VIDEO: The Silicon Valley Human Rights conference took place last week to discuss issues around why the Internet should be a basic human right and how censorship is threatening freedom of speech. David Gorodyansky, CEO and Co-Founder of Anchorfree, a company offering shielded hotspots for Internet usage is interviewed by The Next Web. (The Next Web, 11/2)

Around the Blogosphere

SERBIA: Media Ownership and Control, Kind of a Big Deal
The radio show Pescanik is no longer broadcast on B92, another side of the disconcerting slide of that station to the political right. But it is still one of the most informative broadcasts coming out of Serbia - interviews that give the speaker time to say something substantive, commentary that is always provocative - and it is still available to people who want to listen to it online. (East Ethnia, 10/7)

Cyber War: Still Not a Thing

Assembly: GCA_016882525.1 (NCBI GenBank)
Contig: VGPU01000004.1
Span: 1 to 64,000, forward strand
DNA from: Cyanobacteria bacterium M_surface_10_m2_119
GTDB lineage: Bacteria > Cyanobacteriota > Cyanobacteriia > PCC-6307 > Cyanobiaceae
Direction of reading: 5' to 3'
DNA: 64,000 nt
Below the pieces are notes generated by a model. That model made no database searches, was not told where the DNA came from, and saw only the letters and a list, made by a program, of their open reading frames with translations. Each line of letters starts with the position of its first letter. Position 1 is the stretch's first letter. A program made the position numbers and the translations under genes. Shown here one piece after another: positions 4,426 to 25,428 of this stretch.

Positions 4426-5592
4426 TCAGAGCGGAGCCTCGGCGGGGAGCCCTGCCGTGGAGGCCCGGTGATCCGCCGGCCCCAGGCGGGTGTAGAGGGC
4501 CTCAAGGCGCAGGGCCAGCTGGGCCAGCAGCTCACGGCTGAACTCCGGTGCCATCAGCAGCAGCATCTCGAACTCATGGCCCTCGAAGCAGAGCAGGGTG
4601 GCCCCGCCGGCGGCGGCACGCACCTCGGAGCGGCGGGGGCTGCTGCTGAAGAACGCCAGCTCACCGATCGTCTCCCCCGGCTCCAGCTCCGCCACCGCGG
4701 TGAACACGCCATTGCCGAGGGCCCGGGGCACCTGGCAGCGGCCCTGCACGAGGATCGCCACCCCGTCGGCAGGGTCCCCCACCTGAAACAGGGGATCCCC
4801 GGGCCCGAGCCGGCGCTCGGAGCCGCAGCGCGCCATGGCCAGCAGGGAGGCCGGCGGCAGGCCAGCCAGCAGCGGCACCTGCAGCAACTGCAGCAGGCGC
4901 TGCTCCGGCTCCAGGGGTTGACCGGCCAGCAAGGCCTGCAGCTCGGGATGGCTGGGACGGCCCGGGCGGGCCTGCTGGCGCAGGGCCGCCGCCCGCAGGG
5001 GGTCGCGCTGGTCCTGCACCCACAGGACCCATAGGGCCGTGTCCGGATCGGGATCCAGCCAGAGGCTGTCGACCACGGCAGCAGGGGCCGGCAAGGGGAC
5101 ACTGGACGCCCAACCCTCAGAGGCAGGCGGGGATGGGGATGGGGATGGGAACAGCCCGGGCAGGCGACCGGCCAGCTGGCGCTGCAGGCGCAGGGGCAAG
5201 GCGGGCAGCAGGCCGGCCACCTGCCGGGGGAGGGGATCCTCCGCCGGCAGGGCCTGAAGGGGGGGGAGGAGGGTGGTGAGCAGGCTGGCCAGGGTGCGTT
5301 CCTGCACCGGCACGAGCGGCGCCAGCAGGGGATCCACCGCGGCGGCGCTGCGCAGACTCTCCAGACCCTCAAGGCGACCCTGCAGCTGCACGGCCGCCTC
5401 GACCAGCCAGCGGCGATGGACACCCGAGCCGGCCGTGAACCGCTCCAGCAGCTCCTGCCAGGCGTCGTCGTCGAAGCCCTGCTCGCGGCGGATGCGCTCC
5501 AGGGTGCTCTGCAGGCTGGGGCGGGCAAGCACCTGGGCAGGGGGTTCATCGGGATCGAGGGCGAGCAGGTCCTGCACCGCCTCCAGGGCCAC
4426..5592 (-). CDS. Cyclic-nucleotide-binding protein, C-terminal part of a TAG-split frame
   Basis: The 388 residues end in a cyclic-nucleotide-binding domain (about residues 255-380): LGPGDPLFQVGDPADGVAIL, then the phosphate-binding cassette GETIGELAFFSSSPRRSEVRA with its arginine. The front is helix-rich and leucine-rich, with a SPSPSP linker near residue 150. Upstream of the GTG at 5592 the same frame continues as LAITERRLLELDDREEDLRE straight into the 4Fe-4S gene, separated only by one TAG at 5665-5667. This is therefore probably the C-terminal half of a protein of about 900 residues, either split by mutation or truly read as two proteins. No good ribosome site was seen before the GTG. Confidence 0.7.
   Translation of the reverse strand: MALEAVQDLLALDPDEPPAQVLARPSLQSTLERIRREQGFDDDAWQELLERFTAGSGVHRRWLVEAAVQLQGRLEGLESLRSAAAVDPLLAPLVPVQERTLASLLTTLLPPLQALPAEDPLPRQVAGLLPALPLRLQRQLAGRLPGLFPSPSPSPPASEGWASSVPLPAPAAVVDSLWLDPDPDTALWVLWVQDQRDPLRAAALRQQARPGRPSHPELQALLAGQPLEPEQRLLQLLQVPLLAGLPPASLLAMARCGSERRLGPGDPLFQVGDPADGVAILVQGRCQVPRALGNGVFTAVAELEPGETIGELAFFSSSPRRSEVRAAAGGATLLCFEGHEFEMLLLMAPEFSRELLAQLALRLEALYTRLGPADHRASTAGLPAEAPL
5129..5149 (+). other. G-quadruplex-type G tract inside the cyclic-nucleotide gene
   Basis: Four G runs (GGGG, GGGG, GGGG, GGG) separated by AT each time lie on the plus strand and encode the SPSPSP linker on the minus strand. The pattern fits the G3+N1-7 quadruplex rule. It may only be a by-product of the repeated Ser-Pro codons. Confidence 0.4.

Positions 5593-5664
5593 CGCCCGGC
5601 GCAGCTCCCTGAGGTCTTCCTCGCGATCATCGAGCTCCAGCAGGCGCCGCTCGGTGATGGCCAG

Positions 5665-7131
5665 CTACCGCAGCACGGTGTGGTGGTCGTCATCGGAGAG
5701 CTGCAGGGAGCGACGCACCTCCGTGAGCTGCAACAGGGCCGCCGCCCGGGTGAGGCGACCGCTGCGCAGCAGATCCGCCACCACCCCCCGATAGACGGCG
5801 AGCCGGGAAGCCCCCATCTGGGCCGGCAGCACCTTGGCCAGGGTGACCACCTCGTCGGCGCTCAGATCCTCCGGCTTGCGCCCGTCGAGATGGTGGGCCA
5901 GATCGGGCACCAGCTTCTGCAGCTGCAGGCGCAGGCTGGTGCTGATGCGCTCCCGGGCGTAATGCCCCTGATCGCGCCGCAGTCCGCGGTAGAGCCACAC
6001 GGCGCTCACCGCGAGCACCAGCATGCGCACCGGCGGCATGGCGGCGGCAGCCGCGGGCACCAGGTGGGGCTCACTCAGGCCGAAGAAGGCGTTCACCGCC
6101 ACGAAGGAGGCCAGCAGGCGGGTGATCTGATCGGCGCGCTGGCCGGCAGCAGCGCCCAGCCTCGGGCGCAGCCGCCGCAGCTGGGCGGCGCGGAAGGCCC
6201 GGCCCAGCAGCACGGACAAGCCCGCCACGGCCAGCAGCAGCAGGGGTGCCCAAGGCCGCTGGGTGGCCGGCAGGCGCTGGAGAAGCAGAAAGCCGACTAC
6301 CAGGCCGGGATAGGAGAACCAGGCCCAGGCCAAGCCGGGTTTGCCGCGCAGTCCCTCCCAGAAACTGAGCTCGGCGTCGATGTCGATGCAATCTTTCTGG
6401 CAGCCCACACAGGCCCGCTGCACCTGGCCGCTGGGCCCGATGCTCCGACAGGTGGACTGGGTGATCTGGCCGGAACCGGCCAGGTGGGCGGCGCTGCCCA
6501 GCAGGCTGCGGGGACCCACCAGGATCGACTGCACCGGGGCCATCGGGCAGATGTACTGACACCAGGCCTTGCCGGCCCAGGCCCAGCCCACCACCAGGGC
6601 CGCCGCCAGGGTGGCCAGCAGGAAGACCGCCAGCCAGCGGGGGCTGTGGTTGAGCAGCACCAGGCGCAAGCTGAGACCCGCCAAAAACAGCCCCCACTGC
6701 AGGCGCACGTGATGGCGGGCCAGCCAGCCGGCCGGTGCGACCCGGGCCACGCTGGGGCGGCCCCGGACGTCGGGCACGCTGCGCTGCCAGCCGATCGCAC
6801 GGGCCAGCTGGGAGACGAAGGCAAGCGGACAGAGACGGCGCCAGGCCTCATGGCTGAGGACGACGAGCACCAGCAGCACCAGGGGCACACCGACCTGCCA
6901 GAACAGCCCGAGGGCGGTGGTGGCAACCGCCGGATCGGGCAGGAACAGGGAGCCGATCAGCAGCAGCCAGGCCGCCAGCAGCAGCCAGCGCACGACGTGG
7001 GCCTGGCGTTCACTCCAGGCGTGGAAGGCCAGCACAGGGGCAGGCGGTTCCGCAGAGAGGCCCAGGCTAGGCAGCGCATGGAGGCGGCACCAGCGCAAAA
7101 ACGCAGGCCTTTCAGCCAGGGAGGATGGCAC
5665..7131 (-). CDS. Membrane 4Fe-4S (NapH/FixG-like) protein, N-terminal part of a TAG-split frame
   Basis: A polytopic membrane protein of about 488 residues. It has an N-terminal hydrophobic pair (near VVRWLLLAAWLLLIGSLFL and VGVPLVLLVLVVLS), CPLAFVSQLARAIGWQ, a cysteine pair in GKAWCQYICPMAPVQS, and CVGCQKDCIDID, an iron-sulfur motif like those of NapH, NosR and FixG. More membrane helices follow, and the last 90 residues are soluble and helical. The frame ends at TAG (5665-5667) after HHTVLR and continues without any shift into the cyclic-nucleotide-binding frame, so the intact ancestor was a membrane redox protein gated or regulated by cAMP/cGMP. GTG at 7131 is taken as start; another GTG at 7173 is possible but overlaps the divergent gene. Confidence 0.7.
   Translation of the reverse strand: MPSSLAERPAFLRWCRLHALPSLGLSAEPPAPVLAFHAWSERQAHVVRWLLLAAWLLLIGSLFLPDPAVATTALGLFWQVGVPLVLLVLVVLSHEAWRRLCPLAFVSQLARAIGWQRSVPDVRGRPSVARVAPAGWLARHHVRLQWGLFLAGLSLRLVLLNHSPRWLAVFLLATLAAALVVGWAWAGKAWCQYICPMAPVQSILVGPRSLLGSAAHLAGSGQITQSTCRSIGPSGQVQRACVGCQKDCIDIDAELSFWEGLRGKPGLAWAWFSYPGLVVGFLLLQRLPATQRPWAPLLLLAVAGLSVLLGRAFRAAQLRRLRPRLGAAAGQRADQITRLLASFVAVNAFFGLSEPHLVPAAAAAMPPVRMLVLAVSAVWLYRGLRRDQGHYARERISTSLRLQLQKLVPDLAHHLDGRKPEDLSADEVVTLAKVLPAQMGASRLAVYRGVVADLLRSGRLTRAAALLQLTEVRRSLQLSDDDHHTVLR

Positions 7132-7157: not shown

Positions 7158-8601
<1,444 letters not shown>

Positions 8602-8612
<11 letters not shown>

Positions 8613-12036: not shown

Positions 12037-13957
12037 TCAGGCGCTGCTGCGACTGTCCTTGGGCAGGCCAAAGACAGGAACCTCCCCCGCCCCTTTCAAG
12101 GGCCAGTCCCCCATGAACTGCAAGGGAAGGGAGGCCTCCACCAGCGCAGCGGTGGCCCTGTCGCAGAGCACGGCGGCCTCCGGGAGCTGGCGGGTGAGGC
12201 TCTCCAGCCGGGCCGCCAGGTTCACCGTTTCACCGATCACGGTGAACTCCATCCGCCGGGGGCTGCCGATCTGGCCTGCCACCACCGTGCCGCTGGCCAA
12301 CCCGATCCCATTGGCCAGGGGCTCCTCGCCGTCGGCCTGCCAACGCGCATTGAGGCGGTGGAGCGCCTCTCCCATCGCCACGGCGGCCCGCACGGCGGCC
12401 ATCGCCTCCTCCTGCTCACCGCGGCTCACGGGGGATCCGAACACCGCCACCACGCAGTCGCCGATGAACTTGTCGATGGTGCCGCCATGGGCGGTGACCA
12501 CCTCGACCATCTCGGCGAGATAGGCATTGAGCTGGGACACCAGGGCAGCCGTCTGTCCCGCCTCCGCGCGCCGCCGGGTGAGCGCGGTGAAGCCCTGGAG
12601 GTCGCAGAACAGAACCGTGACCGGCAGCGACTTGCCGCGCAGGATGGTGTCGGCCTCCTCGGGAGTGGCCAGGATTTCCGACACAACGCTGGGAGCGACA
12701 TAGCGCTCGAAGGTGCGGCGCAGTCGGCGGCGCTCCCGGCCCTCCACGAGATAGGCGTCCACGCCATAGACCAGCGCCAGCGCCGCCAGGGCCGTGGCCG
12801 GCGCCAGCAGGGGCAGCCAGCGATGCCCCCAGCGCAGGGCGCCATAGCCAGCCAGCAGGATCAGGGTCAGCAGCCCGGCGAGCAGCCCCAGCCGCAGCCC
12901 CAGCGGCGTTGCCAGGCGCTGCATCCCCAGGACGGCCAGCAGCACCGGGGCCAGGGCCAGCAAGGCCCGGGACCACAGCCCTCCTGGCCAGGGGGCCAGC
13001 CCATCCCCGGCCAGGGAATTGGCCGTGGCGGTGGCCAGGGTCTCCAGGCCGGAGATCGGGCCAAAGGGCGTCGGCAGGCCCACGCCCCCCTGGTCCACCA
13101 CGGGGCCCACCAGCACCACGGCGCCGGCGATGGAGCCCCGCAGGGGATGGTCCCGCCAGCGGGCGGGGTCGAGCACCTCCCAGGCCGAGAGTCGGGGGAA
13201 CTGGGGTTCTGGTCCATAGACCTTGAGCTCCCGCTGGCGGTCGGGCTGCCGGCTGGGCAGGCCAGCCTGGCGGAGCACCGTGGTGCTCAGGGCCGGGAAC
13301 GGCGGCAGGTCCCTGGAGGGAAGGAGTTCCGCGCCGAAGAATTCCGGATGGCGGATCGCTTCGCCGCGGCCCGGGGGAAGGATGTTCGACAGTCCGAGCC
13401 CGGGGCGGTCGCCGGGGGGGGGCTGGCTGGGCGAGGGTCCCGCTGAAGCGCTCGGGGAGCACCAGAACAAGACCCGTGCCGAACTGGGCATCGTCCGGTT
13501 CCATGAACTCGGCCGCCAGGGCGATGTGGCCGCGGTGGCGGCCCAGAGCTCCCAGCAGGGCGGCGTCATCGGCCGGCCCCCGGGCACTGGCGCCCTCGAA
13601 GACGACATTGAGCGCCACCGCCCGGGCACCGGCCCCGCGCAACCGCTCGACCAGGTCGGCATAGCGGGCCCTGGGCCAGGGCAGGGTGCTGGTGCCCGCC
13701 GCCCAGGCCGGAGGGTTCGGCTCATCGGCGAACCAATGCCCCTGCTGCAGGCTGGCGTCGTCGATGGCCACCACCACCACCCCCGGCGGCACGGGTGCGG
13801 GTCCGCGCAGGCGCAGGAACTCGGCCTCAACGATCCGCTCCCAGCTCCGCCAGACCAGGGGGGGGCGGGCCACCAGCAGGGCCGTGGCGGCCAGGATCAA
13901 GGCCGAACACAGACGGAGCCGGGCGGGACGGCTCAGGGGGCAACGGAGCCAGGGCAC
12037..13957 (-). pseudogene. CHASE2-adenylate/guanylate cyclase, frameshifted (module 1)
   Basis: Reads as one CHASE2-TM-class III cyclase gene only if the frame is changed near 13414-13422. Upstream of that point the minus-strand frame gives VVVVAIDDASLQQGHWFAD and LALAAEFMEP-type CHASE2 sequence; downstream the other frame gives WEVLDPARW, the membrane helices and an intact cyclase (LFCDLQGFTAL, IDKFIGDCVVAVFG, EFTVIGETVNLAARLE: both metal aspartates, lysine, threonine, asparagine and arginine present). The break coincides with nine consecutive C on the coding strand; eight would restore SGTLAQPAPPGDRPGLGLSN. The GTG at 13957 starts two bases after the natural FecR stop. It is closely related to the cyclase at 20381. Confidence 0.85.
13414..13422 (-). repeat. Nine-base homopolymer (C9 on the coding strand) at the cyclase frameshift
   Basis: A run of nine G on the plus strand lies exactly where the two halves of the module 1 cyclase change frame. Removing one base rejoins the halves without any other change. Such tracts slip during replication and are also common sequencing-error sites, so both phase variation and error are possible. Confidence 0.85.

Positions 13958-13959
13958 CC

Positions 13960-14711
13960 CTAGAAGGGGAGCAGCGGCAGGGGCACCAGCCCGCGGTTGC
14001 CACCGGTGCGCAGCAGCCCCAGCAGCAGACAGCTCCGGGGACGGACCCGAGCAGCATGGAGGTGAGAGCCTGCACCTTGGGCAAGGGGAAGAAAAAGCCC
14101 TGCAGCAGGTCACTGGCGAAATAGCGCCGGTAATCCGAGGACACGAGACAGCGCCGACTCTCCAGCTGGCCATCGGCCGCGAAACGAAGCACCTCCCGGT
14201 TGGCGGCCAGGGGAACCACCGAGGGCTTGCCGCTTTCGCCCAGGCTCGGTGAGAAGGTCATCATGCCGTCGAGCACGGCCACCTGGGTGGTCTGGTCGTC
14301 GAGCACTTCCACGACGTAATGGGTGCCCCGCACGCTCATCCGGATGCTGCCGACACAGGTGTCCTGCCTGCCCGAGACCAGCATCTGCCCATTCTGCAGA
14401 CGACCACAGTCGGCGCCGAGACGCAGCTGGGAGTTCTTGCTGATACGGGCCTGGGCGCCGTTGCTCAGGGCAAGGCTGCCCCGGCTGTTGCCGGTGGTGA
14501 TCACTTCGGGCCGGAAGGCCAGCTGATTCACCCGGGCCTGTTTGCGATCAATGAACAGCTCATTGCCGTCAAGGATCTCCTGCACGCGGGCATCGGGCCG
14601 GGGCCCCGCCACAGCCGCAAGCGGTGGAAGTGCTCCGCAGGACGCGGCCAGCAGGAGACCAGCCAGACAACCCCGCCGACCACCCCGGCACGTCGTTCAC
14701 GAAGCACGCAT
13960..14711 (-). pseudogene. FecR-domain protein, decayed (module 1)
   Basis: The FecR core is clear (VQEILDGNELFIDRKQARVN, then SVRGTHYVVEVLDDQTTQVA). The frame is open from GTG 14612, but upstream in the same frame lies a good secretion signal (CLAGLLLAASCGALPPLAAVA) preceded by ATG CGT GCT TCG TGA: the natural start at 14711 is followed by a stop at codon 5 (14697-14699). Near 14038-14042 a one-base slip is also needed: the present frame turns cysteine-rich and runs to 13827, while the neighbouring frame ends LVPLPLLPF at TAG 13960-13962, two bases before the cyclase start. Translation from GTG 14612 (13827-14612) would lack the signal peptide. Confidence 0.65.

Despite what your congressman may tell you, cyber war might never happen, says a researcher in the Department of War Studies at King's College London. (Reason, 10/21)

Social and Mass Media: Looking at BBC's Guidelines for Using Pictures in Social Media
BBC is one of the few mass media outlets that has a worldwide footprint, and as someone who used to live in a region which is heavily covered by the BBC, it was very interesting to see the "outside perspective" that it brought in for issues which had a strongly localized context. With the BBC going into the practice of inviting participation (via social networks) to their reporting process, I think it would be very interesting to see the resultant blending of the local and the outside perspective. (MIT Center for Civic Media, 10/31)

LEBANON: Is Lebanon Lagging Behind in Digital Activism and Social Media?
If you are on twitter and following the Arab Spring news, you couldn't have missed Andy Carvin - the journalist and senior strategist at NPR - who happened to be taking the lead since the start of 2011 in curating the news of the Middle East and North Africa. Andy Carvin (@acarvin) was this week in Beirut on a conference in the American University of Beirut (AUB). (Lebanon Spring, 11/1)

Thinking about Journalism in the Open: An Intro